Japan to preserve doomsday cult’s trial records ‘to prevent a repeat’ of deadly subway sarin gas attack
‘Their crimes were unprecedented, and similar crimes should never happen again,’ Justice Minister Yoko Kamikawa says
Japanese authorities have decided to preserve trial records of criminal cases involving the Aum Shinrikyo doomsday cult as part of efforts to prevent a repeat of the serious crimes committed by its members, Justice Minister Yoko Kamikawa said on Friday.
“Their crimes were unprecedented, and similar crimes should never happen again. It is my important duty to stop (the records) from being discarded while ensuring they are passed down to future generations,” said Kamikawa, under whose orders all 13 Aum death-row inmates, including founder Shoko Asahara, were executed last month.
It is extremely rare for the ministry to announce which criminal cases will have its trial records permanently preserved.
In addition to the trial documents, administrative records related to the executions are to be retained indefinitely, Kamikawa said. “I expect them to be stored in the national archives in the future.”
Trial records, such as defendants’ statements, are normally disposed of after being held by prosecutors for a prescribed period.
When a case is considered meaningful for academic research or helpful for investigations of future crimes, the justice minister orders the preservation of related documents. As of the end of July, documents from 722 cases have been listed for conservation, but the ministry has not disclosed the names of the people involved.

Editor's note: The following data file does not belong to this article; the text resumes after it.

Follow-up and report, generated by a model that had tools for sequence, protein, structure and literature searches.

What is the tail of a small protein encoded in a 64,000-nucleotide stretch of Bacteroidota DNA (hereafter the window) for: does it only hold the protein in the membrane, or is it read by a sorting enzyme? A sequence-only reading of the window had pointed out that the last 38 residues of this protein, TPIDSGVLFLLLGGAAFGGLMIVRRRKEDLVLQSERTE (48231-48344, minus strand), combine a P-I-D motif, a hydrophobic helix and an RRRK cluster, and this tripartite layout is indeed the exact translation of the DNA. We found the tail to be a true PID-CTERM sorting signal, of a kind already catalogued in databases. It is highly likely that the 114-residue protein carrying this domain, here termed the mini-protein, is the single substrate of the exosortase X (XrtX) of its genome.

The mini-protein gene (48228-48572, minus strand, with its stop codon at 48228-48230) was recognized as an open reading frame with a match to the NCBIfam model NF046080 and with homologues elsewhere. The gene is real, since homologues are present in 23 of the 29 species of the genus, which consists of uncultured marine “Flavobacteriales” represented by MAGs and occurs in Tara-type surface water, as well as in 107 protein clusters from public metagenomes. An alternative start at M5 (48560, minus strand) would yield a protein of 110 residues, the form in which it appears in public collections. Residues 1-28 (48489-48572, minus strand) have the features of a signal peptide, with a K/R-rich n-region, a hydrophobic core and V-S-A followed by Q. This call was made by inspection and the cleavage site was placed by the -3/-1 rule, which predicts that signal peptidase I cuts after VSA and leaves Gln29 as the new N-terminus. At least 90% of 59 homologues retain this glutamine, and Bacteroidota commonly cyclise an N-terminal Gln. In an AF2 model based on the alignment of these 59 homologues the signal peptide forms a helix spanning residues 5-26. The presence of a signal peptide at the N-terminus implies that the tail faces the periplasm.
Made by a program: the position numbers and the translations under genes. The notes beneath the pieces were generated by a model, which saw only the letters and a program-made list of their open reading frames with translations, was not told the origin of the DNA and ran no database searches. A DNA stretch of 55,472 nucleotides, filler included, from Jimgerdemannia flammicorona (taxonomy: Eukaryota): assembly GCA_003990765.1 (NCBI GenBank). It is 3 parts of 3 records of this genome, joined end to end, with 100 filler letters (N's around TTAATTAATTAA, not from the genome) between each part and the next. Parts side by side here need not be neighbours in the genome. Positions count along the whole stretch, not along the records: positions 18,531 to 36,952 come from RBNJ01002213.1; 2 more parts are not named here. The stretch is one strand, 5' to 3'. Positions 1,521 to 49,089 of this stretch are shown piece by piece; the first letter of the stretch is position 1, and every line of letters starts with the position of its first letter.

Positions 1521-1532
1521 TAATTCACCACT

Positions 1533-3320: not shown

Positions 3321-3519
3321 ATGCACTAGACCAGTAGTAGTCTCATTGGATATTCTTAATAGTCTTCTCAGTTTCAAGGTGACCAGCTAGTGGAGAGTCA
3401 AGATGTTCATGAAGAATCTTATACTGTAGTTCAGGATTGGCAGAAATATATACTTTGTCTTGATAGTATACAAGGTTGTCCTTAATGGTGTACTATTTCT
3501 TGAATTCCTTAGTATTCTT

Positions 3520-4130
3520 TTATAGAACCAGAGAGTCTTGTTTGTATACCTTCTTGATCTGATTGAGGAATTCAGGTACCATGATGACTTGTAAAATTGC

Most Aum-related records have been retained, but some, such as cases in which defendants were charged for minor crimes and sentenced to a fine, have already been discarded.
A total of 190 people, including the 13 senior members hanged in July, were convicted.
A group of academics and journalists petitioned the ministry to retain the documents in April. They said that the records should be retained because they are the property of the public and will be valuable for research in issues involving cults and terrorism.
Shizue Takahashi, whose husband was killed in a 1995 Aum sarin gas attack on the Tokyo subway, assented to the petition and expressed her hope that it would be successful.